Nordost 2020 Awards

We almost didn’t include this post into this list because it seemed like a brag… but it was by far one of our most popular posts of the year! It’s hard to keep up with all of the hifi reviews and articles in the many different blogs, websites, and magazines out there. So if you are a Nordost fan, or just want to see what people are saying about our products, this blog provides you with a list of the various awards we have been granted throughout 2020, as well as links, so that you can read each review attributed to the award in full!

Nordost Sort System: How to Get Your System’s Vibration Under Control.

Along with poor grounding, unwanted vibration may be one of the most ubiquitous problems in hifi. Damaging vibrations, no matter the source, have the ability to alter sound causing distortion, disrupted imagery, and even timing issues to the music you’re trying to enjoy. Not only is vibration a ubiquitous problem in hifi, but it’s pervasive throughout the system– affecting your components, loudspeakers, audio racks, and even cables. Luckily, ridding your system of unwanted vibration can be easy.

Nordost has not only introduced one anti-vibration product, but an entire Sort System made up of three products that are uniquely specialized to combat vibration, depending on the element of the system they are addressing. Unlike other anti-vibration products on the market, which define themselves as either isolation/de-coupling or coupling devices, Nordost’s Sort System takes a different, more comprehensive approach: resonance control. (For a deeper look at the difference between isolation, coupling, and resonance control, check out our blog: Three Ways to Address Vibration Control). The following will help you better understand each of Nordost’s Sort devices and show you how they fit into your system to help you rid unwanted vibration. 

Sort Kone

The Sort Kone is designed to address vibration occurring within components. It is built using a unique three-part construction, which creates a mechanical diode. When pressure is applied to the Kone, a one-way path is established through which the internal vibration produced by moving parts in the chassis of electronics can escape. When you place Sort Kones under audio components (a minimum of three Sort Kones per unit is required) music becomes more focused, there is an increase in depth and transparency in system performance, and the dynamic range is broadened. Nordost Sort Kones are available in three levels of performance (aluminium, bronze, and titanium) to fit a wide range of system and budgetary needs.

Sort Füt:

The Sort Füt is a mechanically tuned resonance control device designed to address the vibration generated both within loudspeakers and through audio racks. It is purpose-built to enhance the performance of your hi-fi system and improve upon standard spikes and stabilizers. The Sort Füt’s proprietary four-part construction eliminates unwanted vibrations by providing a direct ground path out, allowing extraneous energy to escape either the loudspeaker or audio rack it is attached to, while simultaneously preventing external vibrations from traveling back through the device. The result: a reduction of intermodulation distortion, a proliferation of musical information, and an increase of tonal and textural details that will allow your system to achieve the dynamic range it is capable of.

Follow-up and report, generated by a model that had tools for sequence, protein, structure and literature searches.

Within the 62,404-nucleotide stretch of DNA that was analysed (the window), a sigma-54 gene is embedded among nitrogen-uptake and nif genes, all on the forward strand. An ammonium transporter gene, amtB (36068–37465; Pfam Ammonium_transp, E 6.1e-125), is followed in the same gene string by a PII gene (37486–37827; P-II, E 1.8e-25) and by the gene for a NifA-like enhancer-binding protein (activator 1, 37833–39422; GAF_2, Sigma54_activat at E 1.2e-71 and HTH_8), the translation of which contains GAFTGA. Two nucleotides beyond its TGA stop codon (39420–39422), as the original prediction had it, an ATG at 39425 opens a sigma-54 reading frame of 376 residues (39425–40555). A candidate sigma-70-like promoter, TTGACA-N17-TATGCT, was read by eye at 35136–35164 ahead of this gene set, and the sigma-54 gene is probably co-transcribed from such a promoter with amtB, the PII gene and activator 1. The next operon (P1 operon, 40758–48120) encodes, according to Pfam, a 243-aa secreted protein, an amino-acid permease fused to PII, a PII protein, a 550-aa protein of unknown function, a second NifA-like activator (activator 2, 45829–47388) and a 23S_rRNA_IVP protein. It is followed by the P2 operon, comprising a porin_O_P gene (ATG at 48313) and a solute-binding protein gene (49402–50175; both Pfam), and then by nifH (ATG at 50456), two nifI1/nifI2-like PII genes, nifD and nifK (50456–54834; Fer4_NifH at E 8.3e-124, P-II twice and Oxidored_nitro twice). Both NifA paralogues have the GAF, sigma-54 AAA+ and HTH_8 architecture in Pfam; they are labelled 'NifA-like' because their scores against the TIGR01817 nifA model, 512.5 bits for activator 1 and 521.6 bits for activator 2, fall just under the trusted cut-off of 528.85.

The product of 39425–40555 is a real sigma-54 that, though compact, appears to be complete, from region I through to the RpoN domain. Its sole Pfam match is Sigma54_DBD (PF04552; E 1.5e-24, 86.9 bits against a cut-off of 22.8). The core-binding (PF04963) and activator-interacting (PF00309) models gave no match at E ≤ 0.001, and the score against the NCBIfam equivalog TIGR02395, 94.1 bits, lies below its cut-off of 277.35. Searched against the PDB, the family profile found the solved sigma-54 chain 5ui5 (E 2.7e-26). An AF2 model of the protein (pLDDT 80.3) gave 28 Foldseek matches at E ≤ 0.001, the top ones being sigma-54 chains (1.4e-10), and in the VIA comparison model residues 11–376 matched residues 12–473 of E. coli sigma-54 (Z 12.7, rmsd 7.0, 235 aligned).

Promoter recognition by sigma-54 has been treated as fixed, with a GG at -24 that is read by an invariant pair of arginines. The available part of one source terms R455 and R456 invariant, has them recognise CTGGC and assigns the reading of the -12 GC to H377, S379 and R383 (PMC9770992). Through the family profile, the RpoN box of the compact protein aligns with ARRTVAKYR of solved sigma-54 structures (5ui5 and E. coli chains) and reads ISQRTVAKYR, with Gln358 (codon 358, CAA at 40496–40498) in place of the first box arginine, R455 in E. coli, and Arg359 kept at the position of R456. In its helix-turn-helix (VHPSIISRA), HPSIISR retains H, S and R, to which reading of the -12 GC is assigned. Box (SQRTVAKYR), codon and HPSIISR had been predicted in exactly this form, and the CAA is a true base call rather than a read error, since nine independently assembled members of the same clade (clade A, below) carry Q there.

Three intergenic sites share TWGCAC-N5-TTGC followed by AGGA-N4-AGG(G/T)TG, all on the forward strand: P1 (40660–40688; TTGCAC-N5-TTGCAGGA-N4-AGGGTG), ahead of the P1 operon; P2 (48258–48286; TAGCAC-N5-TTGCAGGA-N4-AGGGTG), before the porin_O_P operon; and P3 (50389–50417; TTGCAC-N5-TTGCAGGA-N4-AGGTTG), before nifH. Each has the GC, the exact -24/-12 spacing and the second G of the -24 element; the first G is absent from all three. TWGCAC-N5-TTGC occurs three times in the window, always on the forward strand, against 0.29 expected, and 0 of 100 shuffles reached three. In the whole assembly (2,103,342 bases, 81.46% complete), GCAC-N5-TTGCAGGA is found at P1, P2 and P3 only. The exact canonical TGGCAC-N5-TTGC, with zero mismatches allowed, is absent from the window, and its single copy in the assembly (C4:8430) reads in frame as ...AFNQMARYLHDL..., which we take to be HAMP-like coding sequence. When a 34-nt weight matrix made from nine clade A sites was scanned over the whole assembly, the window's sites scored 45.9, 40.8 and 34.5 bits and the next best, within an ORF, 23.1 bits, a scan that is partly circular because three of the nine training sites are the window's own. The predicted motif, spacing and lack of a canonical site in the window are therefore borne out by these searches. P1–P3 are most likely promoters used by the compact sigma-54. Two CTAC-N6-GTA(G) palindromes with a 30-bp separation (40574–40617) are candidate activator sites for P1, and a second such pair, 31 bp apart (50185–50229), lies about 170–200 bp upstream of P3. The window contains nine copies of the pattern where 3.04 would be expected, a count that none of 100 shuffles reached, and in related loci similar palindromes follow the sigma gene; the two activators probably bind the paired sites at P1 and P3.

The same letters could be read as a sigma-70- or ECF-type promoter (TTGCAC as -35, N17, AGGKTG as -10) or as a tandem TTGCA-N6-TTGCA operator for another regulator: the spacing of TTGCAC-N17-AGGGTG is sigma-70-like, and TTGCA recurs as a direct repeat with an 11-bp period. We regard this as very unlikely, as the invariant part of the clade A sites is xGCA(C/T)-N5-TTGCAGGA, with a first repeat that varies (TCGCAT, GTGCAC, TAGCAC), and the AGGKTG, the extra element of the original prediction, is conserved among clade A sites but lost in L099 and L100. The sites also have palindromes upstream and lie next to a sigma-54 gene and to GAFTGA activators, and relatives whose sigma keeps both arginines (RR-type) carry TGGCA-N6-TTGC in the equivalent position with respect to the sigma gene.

Sort Lift

The Sort Lift is designed to minimize the points of contact that cables make with the ground and reduce boundary effects, without negatively affecting the resonant properties of the cables themselves. Each Lift is composed of two integral components: the base and the springs. The base inhibits any transference of electrical charge from the floor to the cable and eliminates static build-up on the dielectric itself. The springs use flexible, titanium alloy spring-wire, which makes up both the support wings and tension wire supports. Both elements of this floating spring system are coated in FEP, mirroring the design of Nordost cables and making the supports an extension of the cable jacket, eliminating any electrical interference, while allowing the cables to maintain their natural resonance properties.

To learn more about our Sort System or to arrange a demonstration, contact your local Nordost retailer
For more information about vibration control, including how to identify different types of resonances, their sources, and how to manage those harmful vibrations, so that you can enjoy your sound system to its full potential, download our guide, The Importance of Vibration Control, today.

The Absolute Sound Reviews Nordost’s QPOINT and QSOURCE

Since their release at High End Munich in 2019, Nordost’s QPOINT Resonance Synchronizer and QSOURCE Linear Power Supply have been generating constant buzz within the hifi industry. Just recently, The Absolute Sound featured this revolutionary combination of products in a review to further explore the unbelievable impact that they have on two-channel systems, which, as author Jacob Heilbrunn even describes in the title of his article, is “Strange but True”.  In the end, both separately and as a pair, Jacob concluded that there is no question about it, the QPOINT and QSOURCE provide “valuable sonic benefits in a high-end system”. Here is a glimpse of what he had to say about both products:

QPOINT: “With the introduction of the QPOINTS, the orchestra really snapped into place. It was like a photo that went from blurry to sharp in the blink of an eye. It was a sheer pleasure to hear the interplay between the harpsichord and orchestra…What a revelation!”

QSOURCE: “The QSOURCE [powering the Roon]…offered a substantial improvement in image density, resolution, and hall ambience.” 

You can now read The Absolute Sound’s QPOINT/QSOURCE review in its entirety here: Nordost QRT QPOINT and QRT QSOURCE Resonance Synchronizer: Strange but True

You can find this review and more great Nordost reviews on our Reviews Page.